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Looked-after children are at risk of suboptimal attachment patterns and reactive attachment disorder (RAD). However, access to interventions varies widely, and there are no evidence-based interventions for RAD.
To modify an existing parenting intervention for children with RAD in the UK foster care setting, and test the feasibility of conducting a randomised controlled trial (RCT) of the modified intervention.
The intervention was modified with expert input and tested on a case series. A feasibility and pilot RCT compared the new intervention with usual care. Foster carers and children in their care aged ≤6 years were recruited across nine local authorities, with 1:1 allocation and blind post-treatment assessments. The modified intervention was delivered in-home by trained mental health professionals over 4–6 months. Children were assessed for RAD symptoms, attachment quality and emotional/behavioural difficulties, and foster carers were assessed for sensitivity and stress.
Minimal changes to the intervention programme were necessary, and focused on improving its suitability for the UK foster care context. Recruitment was challenging, and remained below target despite modifications to the protocol and the inclusion of additional sites. Thirty families were recruited to the RCT; 15 were allocated to each group. Most other feasibility outcomes were favourable, particularly high numbers of data and treatment completeness. The revised intervention was positively received by practitioners and foster carers.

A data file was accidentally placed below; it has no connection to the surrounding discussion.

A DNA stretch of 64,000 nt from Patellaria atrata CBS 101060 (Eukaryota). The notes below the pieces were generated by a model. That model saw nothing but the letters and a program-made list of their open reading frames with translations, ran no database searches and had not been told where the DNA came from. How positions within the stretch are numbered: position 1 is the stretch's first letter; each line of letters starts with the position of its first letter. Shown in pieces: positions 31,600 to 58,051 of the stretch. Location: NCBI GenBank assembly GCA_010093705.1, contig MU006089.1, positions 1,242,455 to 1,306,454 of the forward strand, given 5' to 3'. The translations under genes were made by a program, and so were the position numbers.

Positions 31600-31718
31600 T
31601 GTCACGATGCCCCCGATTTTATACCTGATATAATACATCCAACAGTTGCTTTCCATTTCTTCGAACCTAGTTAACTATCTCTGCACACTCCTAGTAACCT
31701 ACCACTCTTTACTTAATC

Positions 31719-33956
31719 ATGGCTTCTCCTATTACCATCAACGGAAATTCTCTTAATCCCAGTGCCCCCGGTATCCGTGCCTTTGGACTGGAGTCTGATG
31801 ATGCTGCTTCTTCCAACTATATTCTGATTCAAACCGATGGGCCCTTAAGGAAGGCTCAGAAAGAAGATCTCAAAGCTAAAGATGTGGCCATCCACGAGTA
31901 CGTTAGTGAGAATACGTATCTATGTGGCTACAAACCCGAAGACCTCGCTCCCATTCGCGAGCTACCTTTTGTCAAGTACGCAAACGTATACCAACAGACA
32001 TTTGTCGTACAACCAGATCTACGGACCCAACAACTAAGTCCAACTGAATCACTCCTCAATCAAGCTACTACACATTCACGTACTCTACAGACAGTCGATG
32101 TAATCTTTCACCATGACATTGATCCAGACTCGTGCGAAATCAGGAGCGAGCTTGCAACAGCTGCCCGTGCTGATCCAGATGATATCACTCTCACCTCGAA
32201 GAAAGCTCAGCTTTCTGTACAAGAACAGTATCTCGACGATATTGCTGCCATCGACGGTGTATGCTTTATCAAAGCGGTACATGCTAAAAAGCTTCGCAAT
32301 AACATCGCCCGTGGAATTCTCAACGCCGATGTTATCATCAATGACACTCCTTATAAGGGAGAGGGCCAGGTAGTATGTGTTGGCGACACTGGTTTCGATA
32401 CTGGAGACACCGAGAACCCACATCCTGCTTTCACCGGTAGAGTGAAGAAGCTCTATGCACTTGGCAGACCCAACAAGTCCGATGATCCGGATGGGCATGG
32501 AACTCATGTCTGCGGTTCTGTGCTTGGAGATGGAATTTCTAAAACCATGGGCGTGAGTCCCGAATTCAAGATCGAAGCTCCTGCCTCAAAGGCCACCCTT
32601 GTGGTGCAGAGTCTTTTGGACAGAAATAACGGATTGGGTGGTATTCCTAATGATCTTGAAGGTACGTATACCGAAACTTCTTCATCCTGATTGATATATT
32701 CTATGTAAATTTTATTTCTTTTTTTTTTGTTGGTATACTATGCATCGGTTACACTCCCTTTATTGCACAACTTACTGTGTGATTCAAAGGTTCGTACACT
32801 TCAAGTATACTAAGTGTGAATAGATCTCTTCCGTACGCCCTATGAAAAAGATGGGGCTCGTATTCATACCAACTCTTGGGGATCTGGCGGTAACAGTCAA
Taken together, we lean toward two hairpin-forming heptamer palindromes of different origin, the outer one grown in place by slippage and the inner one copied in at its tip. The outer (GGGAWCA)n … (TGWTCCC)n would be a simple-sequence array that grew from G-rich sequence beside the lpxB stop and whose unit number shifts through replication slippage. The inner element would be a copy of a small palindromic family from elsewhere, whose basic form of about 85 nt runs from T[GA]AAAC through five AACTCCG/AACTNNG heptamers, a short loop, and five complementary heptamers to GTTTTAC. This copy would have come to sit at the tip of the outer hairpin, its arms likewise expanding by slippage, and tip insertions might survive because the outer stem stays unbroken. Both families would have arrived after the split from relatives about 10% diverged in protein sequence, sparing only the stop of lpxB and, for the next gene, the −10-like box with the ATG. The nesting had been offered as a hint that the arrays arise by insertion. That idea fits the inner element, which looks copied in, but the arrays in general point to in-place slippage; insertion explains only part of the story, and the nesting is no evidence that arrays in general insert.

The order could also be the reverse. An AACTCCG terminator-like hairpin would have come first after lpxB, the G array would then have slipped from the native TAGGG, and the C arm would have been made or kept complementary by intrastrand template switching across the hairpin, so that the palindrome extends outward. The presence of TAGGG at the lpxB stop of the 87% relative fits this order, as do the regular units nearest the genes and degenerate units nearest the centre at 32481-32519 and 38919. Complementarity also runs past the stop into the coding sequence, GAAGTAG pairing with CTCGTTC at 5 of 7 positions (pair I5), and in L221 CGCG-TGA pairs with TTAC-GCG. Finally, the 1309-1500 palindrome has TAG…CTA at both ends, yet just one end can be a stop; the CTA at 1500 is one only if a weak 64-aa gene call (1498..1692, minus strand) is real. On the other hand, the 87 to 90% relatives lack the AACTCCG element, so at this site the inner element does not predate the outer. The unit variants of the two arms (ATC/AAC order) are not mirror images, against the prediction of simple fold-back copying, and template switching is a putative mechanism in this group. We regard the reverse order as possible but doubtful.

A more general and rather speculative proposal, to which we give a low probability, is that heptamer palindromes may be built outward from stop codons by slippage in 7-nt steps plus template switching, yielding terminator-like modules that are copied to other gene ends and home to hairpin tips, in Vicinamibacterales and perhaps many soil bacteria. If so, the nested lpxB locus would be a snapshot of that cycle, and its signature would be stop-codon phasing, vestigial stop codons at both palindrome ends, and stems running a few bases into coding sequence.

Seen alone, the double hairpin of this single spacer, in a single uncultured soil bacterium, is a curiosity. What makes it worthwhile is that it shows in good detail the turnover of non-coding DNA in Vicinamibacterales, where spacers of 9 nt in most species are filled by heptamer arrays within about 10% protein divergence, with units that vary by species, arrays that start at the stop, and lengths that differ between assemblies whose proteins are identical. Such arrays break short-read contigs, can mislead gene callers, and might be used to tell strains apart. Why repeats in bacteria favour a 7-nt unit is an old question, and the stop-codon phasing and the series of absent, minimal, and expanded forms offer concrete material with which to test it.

A large-scale trial may be feasible, but only if recruitment barriers can be overcome. Dedicated resources to support recruitment within local authorities and wider inclusion criteria are recommended.
This third edition provides a concise yet approachable introduction to seismic theory, designed as a first course for graduate students or advanced undergraduate students. It clearly explains the fundamental concepts, emphasizing intuitive understanding over lengthy derivations, and outlines the different types of seismic waves and how they can be used to resolve Earth structure and understand earthquakes. New material and updates have been added throughout, including ambient noise methods, shear-wave splitting, back-projection, migration and velocity analysis in reflection seismology, earthquake rupture directivity, and fault weakening mechanisms. A wealth of both reworked and new examples, review questions and computer-based exercises in MATLAB®/Python give students the opportunity to apply the techniques they have learned to compute results of interest and to illustrate Earth's seismic properties. More advanced sections, which are not needed to understand the other material, are flagged so that instructors or students pressed for time can skip them.